Of those who fudged, 37% agreed that it was their policy to trim their taxes "by any means possible." Another 31% said they fudged because they felt the odds of an audit were slim. In fact, almost 39% believed that their chances of being audited this year were one in a million.
But beware! The actual audit rate numbers are much higher than that. For fiscal year 2004, 0.77% of individual tax returns filed were audited. That about one out of every 128 returns filed.
For fiscal 2005, ending Sept. 30, 2005, the IRS audited about 1.2 million individual tax returns — up more than 20% from the year before. Rather than one in a million, the real odds were closer to one in every 108 returns.
If you made more than $100,000, the audit rate jumped to 1.58%, double what it was four years ago. That’s one out of every 63 returns filed!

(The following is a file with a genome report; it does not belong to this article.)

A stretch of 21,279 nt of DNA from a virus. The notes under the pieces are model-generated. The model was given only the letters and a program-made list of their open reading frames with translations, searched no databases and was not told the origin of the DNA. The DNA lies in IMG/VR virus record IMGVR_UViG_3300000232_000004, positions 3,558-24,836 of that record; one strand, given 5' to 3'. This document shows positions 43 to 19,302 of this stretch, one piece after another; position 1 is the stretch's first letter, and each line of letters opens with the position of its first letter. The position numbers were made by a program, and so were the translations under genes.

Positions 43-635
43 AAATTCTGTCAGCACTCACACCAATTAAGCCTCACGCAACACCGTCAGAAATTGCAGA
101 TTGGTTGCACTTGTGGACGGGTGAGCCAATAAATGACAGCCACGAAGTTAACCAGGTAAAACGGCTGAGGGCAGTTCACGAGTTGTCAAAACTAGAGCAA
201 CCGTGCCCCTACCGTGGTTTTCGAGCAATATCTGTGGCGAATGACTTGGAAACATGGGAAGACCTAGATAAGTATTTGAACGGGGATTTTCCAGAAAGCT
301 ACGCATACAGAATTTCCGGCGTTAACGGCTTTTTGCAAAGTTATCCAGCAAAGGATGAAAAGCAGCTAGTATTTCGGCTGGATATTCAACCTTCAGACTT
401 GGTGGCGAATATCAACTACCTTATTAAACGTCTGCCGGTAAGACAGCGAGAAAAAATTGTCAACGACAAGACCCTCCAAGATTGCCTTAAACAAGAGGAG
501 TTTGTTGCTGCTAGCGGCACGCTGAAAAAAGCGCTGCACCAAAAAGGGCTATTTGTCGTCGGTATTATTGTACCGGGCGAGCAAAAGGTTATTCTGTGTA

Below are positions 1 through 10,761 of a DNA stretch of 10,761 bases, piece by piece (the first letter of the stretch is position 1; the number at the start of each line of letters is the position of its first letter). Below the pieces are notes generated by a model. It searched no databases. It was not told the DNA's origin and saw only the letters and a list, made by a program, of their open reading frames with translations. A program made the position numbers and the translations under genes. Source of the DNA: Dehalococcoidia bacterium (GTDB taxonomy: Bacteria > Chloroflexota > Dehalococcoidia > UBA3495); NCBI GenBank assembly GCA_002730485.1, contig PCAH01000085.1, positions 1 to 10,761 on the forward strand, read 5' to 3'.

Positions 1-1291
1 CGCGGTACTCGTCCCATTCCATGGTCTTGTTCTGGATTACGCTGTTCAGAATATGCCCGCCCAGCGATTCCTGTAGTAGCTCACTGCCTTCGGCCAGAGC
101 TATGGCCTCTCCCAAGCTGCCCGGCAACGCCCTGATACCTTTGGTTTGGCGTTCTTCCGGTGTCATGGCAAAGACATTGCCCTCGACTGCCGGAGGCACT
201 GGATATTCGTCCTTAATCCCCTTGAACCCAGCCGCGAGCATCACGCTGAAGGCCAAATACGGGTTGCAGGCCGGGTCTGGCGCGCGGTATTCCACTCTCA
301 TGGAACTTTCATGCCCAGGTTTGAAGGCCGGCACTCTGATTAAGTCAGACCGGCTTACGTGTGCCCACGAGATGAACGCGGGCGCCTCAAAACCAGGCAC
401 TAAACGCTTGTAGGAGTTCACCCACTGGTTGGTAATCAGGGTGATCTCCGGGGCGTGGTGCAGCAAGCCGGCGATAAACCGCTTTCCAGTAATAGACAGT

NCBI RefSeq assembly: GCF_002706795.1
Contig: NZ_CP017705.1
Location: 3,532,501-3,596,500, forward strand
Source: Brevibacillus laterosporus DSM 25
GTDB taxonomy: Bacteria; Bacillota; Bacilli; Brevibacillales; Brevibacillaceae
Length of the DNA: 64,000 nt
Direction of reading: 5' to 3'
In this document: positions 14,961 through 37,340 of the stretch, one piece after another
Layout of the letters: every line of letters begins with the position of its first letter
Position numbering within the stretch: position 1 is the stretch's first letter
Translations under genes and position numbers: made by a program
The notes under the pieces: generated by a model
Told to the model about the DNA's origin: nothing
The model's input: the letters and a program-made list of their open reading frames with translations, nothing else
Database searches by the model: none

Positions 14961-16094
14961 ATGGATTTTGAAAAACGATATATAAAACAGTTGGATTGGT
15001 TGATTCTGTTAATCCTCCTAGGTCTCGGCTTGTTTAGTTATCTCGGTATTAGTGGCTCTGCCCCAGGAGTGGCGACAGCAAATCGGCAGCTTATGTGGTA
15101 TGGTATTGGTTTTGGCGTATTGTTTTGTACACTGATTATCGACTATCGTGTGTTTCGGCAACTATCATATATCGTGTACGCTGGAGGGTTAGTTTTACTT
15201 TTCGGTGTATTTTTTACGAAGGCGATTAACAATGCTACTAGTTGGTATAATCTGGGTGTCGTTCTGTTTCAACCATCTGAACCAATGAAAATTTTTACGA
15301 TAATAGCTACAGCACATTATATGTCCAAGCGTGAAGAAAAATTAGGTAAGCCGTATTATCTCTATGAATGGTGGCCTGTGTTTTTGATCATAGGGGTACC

Do you still feel lucky?
And if a respondent was audited, how did he do? About 40% said they paid more money to the government; about 44% said they came out about even. Only 15% got an additional refund.
Don’t go to jail!
Not unexpectedly, almost 42% of those who responded were pretty darned reluctant to pay their taxes. Another 56% found good reasons to pay, ranging from feeling it was their patriotic duty to wanting to support American troops, especially in Iraq.
But, surprisingly — to me, anyway — 2.4% agree that the IRS is illegal and they don’t recognize the government’s right to tax.
Everyone’s entitled to an opinion, even a wrong one. But this issue was settled long ago. If you continue to contest the legality of our tax system, you’re going to lose! And, you face a potential $25,000 penalty just for bringing up the argument and wasting a court’s time.
Interestingly, of the 38 respondents who thought the IRS was an illegal organization, only one failed to file a return for that reason.
I guess the other 37 were getting refunds.